Dad tells me I'm a lot like him, which I never know if that's good or bad. It always makes me a little nervous when people tell me I'm like my dad.

-- Courtney Force

"I can't describe it," John said. "Some things you just know. If I have a weakness in this business, it's that I love this sport too much. I think that may be Courtney's weakness, too."

John was asked what would mean more to him at this point in his career, winning a 16th championship or watching Courtney win her first title?

''Either way I would be happy," John said. "I want to see Courtney win it, but she has to earn the right. I don't want people to think anything else. And if she wants it, I tell her she has to come through me."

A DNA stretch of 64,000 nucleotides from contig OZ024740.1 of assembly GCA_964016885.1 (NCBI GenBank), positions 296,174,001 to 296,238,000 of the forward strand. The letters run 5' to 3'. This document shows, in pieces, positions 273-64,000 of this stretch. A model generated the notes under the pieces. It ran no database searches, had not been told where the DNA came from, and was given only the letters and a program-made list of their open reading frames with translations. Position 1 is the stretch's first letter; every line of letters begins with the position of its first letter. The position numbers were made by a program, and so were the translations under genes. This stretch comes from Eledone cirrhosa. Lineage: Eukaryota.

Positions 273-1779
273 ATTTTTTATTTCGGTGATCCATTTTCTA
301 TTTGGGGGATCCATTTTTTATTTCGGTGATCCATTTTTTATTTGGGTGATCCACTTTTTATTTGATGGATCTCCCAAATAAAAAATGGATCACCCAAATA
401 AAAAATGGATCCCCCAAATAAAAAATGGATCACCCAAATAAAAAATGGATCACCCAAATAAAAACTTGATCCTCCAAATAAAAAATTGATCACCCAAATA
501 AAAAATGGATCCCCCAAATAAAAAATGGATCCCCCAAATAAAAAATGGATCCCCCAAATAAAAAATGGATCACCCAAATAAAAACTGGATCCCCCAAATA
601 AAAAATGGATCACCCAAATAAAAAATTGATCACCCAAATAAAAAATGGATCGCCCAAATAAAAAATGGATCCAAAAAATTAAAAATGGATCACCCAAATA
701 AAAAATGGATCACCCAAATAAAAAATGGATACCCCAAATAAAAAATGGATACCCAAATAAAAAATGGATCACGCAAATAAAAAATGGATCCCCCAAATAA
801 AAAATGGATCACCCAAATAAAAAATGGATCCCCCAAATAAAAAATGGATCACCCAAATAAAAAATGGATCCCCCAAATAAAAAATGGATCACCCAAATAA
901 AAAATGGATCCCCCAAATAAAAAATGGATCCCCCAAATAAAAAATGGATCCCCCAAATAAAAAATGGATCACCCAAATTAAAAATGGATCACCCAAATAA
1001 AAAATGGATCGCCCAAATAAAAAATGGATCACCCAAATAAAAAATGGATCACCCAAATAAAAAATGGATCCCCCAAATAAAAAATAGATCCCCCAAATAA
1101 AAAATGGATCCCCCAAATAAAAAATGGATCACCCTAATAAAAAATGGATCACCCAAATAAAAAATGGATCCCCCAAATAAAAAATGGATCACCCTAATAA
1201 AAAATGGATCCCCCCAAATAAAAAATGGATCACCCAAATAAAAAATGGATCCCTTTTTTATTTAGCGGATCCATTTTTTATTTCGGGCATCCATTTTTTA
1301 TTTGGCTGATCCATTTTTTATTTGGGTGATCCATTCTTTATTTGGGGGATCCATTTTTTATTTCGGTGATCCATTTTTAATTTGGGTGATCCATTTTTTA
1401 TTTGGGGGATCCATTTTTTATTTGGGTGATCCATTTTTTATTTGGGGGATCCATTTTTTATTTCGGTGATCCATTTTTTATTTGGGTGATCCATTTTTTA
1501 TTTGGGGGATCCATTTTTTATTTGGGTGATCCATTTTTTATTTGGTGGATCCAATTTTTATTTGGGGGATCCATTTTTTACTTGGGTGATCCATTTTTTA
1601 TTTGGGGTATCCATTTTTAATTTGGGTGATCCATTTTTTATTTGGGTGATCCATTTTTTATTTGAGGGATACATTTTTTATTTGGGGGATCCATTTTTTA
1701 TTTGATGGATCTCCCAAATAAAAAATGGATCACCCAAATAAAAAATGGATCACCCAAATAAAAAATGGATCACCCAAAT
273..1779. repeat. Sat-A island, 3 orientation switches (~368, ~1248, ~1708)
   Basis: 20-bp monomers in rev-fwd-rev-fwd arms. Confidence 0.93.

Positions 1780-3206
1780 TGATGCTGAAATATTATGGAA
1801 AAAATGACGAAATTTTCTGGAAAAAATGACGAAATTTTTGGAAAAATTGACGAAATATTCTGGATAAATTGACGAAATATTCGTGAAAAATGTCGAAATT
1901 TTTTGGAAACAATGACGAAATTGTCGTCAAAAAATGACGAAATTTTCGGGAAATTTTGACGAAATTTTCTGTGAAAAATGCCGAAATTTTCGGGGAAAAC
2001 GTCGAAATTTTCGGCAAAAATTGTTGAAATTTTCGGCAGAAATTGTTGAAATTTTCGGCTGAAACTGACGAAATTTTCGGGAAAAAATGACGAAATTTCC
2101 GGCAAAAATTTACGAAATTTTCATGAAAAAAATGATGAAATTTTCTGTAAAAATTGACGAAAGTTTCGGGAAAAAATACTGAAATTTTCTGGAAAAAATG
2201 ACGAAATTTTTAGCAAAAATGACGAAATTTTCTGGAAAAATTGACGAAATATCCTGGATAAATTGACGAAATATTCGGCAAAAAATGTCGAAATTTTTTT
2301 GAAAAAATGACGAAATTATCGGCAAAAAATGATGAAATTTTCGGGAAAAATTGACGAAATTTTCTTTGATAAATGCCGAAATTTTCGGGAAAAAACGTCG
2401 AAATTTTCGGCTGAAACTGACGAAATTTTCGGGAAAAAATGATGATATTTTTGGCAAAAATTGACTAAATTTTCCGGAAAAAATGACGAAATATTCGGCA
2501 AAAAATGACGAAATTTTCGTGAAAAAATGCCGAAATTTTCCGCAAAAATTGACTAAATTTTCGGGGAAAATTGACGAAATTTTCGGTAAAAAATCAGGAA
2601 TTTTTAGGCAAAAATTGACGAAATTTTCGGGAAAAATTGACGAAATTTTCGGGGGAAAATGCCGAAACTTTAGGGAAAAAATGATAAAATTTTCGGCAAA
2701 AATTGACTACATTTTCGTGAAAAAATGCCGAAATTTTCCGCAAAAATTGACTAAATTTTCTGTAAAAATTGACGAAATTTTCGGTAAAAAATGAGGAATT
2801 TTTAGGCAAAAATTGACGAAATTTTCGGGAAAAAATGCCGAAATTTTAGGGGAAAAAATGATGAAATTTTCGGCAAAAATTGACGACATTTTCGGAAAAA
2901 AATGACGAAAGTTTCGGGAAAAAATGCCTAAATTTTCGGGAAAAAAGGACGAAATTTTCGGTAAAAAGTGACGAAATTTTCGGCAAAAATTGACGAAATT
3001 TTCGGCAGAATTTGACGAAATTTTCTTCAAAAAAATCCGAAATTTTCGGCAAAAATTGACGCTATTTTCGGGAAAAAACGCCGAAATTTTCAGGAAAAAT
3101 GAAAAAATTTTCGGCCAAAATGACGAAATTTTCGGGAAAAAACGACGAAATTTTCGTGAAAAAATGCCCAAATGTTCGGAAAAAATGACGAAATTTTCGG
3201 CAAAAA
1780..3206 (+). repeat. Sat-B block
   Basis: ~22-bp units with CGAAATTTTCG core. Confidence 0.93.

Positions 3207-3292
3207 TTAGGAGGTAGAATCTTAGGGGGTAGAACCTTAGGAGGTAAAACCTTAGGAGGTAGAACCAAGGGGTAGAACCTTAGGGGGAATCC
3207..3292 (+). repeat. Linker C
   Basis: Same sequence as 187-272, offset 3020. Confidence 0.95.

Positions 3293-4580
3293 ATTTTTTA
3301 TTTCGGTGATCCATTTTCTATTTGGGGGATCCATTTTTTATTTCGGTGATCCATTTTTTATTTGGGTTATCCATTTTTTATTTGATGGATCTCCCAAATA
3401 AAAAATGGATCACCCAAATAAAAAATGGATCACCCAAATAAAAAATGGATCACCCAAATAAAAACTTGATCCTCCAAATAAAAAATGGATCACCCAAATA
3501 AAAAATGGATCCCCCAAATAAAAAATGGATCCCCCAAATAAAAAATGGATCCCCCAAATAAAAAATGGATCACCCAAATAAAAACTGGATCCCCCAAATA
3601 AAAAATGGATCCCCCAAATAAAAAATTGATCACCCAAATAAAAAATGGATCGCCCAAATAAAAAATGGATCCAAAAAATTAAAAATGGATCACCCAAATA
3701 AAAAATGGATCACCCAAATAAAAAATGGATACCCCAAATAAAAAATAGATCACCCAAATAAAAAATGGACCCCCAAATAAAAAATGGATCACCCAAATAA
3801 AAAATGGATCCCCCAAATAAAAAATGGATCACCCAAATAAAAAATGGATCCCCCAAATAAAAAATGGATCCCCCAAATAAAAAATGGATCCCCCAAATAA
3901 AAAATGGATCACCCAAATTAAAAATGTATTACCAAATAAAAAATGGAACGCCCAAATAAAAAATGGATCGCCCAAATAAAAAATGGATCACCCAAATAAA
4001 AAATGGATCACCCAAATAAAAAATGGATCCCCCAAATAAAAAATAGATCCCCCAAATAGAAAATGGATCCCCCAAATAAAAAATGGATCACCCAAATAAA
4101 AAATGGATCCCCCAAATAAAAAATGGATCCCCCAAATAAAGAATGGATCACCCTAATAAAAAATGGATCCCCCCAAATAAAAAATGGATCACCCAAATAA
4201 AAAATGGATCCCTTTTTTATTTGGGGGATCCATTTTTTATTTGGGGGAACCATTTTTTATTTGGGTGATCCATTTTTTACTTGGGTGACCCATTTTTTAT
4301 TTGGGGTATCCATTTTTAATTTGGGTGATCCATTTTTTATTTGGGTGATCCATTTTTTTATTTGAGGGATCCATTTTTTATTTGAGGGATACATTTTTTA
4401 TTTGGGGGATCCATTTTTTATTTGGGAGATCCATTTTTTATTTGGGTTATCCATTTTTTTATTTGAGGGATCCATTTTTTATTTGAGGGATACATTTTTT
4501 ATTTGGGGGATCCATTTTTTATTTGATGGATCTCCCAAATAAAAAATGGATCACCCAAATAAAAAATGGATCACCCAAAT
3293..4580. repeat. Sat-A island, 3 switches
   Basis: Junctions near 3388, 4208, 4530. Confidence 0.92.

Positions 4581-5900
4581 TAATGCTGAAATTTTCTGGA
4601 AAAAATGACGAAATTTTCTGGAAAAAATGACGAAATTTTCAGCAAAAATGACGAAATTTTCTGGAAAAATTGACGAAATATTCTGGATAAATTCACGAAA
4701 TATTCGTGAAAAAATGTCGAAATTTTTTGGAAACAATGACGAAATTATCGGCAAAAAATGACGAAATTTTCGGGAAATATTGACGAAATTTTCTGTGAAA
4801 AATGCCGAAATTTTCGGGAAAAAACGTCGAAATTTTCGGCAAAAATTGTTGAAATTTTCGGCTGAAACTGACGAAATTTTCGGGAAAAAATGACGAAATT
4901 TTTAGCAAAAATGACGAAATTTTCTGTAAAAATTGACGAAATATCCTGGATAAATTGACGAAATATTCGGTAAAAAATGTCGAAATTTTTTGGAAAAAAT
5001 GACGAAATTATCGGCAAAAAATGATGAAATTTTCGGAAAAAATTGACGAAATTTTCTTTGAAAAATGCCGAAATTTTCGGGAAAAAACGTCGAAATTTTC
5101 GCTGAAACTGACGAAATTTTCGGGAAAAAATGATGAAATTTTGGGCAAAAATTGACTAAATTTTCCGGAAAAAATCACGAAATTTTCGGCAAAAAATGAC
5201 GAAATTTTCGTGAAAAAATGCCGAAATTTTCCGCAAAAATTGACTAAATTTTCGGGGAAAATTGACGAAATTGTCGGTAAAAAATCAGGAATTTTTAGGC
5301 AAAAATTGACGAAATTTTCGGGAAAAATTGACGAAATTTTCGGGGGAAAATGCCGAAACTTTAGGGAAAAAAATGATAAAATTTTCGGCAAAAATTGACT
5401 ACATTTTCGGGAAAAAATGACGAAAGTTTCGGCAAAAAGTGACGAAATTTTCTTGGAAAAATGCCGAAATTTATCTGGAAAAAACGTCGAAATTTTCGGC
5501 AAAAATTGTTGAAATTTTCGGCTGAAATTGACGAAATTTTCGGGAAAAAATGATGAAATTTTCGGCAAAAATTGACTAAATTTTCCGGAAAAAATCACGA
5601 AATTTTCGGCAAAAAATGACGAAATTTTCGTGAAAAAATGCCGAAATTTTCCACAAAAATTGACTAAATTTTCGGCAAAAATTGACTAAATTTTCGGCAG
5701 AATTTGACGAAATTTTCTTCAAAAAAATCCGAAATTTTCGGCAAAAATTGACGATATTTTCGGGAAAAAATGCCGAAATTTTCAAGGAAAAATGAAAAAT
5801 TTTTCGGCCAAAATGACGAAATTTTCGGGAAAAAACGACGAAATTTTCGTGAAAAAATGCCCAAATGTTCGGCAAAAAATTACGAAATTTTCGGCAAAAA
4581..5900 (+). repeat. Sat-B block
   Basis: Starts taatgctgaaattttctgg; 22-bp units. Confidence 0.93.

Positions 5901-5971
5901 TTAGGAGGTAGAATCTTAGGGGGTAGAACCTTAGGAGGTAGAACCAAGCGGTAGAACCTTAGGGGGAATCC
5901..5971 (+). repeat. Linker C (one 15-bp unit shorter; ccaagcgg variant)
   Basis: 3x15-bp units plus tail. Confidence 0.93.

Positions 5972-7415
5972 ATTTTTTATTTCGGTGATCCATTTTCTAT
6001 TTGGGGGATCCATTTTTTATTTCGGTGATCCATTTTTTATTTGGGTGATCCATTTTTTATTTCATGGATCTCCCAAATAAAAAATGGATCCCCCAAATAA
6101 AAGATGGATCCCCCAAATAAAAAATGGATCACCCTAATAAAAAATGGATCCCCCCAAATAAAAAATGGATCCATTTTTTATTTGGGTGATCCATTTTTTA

Courtney hopes it works out that way and she has to beat her dad in the end to win it all. For now, she just wants to keep improving.

"It's kind of cool to see myself change," Courtney said. "Last season was basic stuff: Learn the car, learn the motor, learn what things feel like with tire shake and learn to pedal the car.

"You have to learn what the car is telling you. No one can teach you that. You just have to experience it. I'm learning it and it's starting to come around. I'm trying to really push myself as a driver and know the right thing to do in any situation. It's a process."

Even for someone that her dad calls The Natural.

"I grew up being obsessed with the sport," she said. "It's all I ever wanted to do. I still have a lot to learn, but anytime I can beat my dad, I feel I learn a little more."